We are a commune of inquiring, skeptical, politically centrist, capitalist, anglophile, traditionalist New England Yankee humans, humanoids, and animals with many interests beyond and above politics. Each of us has had a high-school education (or GED), but all had ADD so didn't pay attention very well, especially the dogs. Each one of us does "try my best to be just like I am," and none of us enjoys working for others, including for Maggie, from whom we receive neither a nickel nor a dime. Freedom from nags, cranks, government, do-gooders, control-freaks and idiots is all that we ask for.
From Richard Neuhaus in First Things†(2002). He begins:
This is more a story than an argument. It is in some ways a very personal story, and yet not without broader implications. It is just possible that some may discern in the story suggestions of an argument, even an argument about the nature of Lutheranism, and of Protestantism more generally.
When in 1990 I was received by the late John Cardinal OíConnor into full communion with the Catholic Church-on September 8, the Nativity of Our Lady-I issued a short statement in response to the question Why. With Lutheran friends especially in mind, I said, "To those of you with whom I have traveled in the past, know that we travel together still. In the mystery of Christ and his Church nothing is lost, and the broken will be mended. If, as I am persuaded, my communion with Christís Church is now the fuller, then it follows that my unity with all who are in Christ is now the stronger. We travel together still."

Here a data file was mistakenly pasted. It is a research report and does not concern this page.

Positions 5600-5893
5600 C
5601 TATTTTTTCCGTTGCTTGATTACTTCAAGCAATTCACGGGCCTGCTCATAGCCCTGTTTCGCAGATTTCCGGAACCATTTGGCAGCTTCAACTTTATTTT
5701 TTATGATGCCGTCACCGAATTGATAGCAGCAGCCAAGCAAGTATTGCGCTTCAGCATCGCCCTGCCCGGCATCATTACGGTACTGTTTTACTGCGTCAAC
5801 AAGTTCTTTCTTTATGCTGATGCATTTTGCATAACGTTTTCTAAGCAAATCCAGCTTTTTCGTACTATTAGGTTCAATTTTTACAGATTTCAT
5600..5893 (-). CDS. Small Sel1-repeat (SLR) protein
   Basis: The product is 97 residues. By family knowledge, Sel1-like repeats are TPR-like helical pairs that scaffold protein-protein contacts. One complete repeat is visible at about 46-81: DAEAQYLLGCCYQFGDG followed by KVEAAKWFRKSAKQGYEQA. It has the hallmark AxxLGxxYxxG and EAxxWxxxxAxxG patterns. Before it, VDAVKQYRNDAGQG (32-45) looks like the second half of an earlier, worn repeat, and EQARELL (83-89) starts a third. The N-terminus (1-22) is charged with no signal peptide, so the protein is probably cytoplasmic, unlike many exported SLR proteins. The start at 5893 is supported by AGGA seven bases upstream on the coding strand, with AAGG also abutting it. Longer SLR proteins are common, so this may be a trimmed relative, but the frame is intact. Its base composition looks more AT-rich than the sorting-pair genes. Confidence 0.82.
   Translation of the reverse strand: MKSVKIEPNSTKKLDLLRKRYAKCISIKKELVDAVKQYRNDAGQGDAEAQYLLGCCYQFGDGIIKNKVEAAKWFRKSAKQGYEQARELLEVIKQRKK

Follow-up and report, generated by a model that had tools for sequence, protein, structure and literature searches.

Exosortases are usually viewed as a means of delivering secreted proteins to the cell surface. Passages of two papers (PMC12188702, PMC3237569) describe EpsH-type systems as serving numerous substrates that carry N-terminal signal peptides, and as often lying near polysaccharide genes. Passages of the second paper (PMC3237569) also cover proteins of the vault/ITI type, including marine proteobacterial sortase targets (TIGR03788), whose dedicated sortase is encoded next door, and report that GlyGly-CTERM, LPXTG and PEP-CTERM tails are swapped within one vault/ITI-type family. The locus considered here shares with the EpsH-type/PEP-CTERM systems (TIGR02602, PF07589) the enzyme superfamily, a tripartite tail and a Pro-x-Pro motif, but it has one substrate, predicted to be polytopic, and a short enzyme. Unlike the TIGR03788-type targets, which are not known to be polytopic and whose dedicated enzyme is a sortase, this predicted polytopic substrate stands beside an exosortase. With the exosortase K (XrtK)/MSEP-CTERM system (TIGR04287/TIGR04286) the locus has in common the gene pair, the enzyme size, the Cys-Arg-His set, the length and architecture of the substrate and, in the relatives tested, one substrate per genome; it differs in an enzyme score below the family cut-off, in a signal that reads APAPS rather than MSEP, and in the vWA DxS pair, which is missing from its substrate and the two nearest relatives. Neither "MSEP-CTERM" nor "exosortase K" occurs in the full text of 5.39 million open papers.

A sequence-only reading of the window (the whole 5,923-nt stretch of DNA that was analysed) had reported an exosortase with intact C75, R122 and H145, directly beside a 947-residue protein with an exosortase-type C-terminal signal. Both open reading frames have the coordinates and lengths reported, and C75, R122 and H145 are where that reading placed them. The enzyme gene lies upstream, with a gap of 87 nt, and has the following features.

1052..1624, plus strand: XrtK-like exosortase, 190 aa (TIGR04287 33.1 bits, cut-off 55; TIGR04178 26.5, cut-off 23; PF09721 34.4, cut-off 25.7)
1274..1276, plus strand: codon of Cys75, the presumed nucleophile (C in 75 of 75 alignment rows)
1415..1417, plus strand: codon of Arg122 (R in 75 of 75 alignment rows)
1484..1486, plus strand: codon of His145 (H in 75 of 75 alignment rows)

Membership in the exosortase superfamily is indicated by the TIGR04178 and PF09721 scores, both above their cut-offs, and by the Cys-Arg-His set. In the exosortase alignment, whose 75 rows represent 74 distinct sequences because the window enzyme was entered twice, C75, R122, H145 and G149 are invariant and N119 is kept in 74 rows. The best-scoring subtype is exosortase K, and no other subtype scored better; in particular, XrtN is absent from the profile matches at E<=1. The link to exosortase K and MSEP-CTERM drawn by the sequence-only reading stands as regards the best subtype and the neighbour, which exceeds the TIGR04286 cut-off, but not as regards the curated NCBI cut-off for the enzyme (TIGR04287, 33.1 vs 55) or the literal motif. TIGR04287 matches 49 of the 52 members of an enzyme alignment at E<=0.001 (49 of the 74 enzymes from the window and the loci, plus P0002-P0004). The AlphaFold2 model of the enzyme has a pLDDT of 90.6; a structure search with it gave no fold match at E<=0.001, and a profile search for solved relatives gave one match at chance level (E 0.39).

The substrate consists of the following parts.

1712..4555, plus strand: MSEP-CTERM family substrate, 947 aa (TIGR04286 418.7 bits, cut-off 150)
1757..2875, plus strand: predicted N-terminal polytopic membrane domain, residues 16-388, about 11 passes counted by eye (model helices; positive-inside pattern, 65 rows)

When Cardinal Newman was asked at a dinner party why he became a Catholic, he responded that it was not the kind of thing that can be properly explained between soup and the fish course. When asked the same question, and of course one is asked it with great frequency, I usually refer to Newmanís response. But then I add what I call the short answer, which is simply this: I became a Catholic in order to be more fully what I was and who I was as a Lutheran. The story that follows may shed some light on that short answer.
I recall Pastor Neuhaus--Father still doesn't seem right to me :)--commenting that, among other reasons, he felt the Reformation had done its work, and, that being the case, he wanted to go home to Mother Church, where it all began.